). Further studies with larger sample sizes are required to address these concerns. Third, the lack of integration in the model system resulted in alterations of the strain field data that depended on load (). Thus, the study of tissue integration is critical in future cartilage repair experiments.
The concentration of glycosaminoglycans in the hydrogel constructs was not restored to levels of the surrounding cartilage for the treatments investigated. The use of BMP-7 resulted in [GAG] that was lower compared to the use of 10% FBS-supplemented media. This finding may be attributed to the milieu of molecules present in serum that may include BMPs in addition to other morphogens and growth factors (Reddi 1998
). Importantly, the heterogeneous biochemical composition of degenerated and repaired articular cartilage (Gray et al. 2007
) has been explored and monitored using dGEMRIC both in vitro
(e.g. (Allen et al. 1999
)) and in vivo
(e.g. (Trattnig et al. 2007
)). Further, while the measurement of [GAG] using dGEMRIC has been directly validated versus the dimethylmethylene blue (DMMB) biochemical assay in human cartilage (Bashir et al. 1999
), the use of the polar agarose hydrogel could have interfered with Gd-DTPA2−
actions and resulted in false positives (i.e. elevated relative [GAG]) in this tissue engineering application. Thus, for the application of dGEMRIC to measure [GAG] restoration in engineered cartilage, a careful consideration of the scaffold material is required in addition to the optimum type, concentration, and incubation period for media supplements. The general tissue engineering strategy for restoration of GAG concentrations will likely involve the novel combinations of cells, acellular biomaterials, drugs, gene products, or genes that may be designed, specified, fabricated, and delivered either simultaneously or sequentially as therapeutic agents (Boyce 2002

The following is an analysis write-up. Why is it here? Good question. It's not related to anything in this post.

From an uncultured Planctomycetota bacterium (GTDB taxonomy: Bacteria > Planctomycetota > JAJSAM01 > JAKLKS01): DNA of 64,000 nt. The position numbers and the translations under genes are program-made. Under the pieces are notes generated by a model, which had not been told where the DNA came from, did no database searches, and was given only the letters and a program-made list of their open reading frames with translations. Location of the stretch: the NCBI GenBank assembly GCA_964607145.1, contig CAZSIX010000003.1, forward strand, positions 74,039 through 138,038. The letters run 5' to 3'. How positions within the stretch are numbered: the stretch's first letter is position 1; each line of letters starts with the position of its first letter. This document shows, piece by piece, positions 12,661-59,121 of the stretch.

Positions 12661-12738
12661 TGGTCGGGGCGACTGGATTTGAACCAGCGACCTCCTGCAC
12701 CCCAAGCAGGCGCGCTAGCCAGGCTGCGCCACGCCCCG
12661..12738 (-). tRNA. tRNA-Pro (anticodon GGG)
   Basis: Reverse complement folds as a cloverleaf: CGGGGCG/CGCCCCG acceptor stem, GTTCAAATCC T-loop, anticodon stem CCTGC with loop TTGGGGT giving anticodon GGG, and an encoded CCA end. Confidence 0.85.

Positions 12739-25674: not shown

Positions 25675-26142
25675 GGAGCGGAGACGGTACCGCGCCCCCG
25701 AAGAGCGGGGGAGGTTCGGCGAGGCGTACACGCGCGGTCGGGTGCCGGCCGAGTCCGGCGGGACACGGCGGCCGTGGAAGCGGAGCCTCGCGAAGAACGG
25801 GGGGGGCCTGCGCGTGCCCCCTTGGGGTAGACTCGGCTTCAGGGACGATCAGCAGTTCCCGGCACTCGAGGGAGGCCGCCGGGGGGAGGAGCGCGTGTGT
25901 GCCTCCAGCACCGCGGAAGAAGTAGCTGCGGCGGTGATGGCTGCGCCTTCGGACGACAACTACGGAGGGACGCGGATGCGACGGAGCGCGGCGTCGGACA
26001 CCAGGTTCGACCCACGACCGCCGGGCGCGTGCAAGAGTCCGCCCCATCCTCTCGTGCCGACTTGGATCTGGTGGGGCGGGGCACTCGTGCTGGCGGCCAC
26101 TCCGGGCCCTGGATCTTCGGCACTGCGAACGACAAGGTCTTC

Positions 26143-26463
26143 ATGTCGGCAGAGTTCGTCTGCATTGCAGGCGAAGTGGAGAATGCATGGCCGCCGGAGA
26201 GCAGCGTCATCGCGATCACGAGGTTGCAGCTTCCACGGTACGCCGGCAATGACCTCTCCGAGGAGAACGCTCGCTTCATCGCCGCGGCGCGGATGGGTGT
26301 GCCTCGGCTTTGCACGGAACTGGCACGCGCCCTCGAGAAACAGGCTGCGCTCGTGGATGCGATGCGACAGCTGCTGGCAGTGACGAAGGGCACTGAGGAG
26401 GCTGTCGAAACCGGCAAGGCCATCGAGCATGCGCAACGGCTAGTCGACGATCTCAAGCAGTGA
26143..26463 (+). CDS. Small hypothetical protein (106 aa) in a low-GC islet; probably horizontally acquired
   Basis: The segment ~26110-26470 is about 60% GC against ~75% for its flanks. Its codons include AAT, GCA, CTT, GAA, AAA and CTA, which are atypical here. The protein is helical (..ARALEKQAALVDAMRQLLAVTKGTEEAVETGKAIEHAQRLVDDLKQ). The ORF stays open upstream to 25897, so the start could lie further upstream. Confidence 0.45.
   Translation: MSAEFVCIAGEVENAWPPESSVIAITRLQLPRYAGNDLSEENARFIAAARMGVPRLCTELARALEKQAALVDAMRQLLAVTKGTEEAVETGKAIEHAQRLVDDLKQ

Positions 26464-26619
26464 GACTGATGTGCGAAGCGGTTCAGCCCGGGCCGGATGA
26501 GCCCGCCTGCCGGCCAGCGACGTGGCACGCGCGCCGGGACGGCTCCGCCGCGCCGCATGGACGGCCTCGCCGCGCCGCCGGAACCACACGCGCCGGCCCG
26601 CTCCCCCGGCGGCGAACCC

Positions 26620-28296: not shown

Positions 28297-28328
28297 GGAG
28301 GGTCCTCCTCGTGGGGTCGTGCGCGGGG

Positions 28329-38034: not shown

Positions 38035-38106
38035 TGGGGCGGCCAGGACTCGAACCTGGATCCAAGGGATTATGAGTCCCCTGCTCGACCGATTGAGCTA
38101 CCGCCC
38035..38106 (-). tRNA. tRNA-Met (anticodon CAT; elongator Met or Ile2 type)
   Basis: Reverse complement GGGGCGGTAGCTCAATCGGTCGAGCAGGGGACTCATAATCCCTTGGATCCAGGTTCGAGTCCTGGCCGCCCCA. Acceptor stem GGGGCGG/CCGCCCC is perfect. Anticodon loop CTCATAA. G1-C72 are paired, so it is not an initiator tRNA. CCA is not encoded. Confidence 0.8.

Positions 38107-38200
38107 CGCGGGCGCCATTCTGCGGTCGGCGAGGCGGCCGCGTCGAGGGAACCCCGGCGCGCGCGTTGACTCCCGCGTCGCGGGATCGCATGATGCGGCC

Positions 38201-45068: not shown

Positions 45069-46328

Integration strategies are required to aide in distributing mechanical force from the repair to the surrounding tissue. The defect model used herein did not allow for tissue integration seen especially in the mismatch in strain fields (). A model of successful repair is therefore required that is based on increasing incubation times or altering other parameters (e.g. use of growth factors or enzymatic pretreatments (Quinn and Hunziker 2002
)) to allow for integration between the tissue surfaces. The application of the techniques described herein to an animal model (Chan et al. 2007
) of a tissue repair would address the mechanical function of integrated tissues.
This study demonstrated the ability of MRI to noninvasively evaluate mechanical function in a defect repair model in tissue explants. In particular, strain fields were evaluated to a high precision. The technique in its current state is appropriate to analyze novel biomimmetic scaffolding materials alone or in combination with stem cells and inductive signals (e.g. morphogens, growth factors, or mechanical forces), and may readily be applied for study of natural or synthetic scaffolding-based constructs for cartilage repair. Regenerative success, defined in terms of deformation fields, and the integration of native tissue with allograft/autograft or other repair tissues, may be studied post-removal from the living organism. Further development of the techniques for use in (e.g. the whole joints of) animals or humans will require the appropriate development of MRI pulse sequences and methods for in vivo application of mechanical forces to normal, diseased, and regenerated tissue of interest.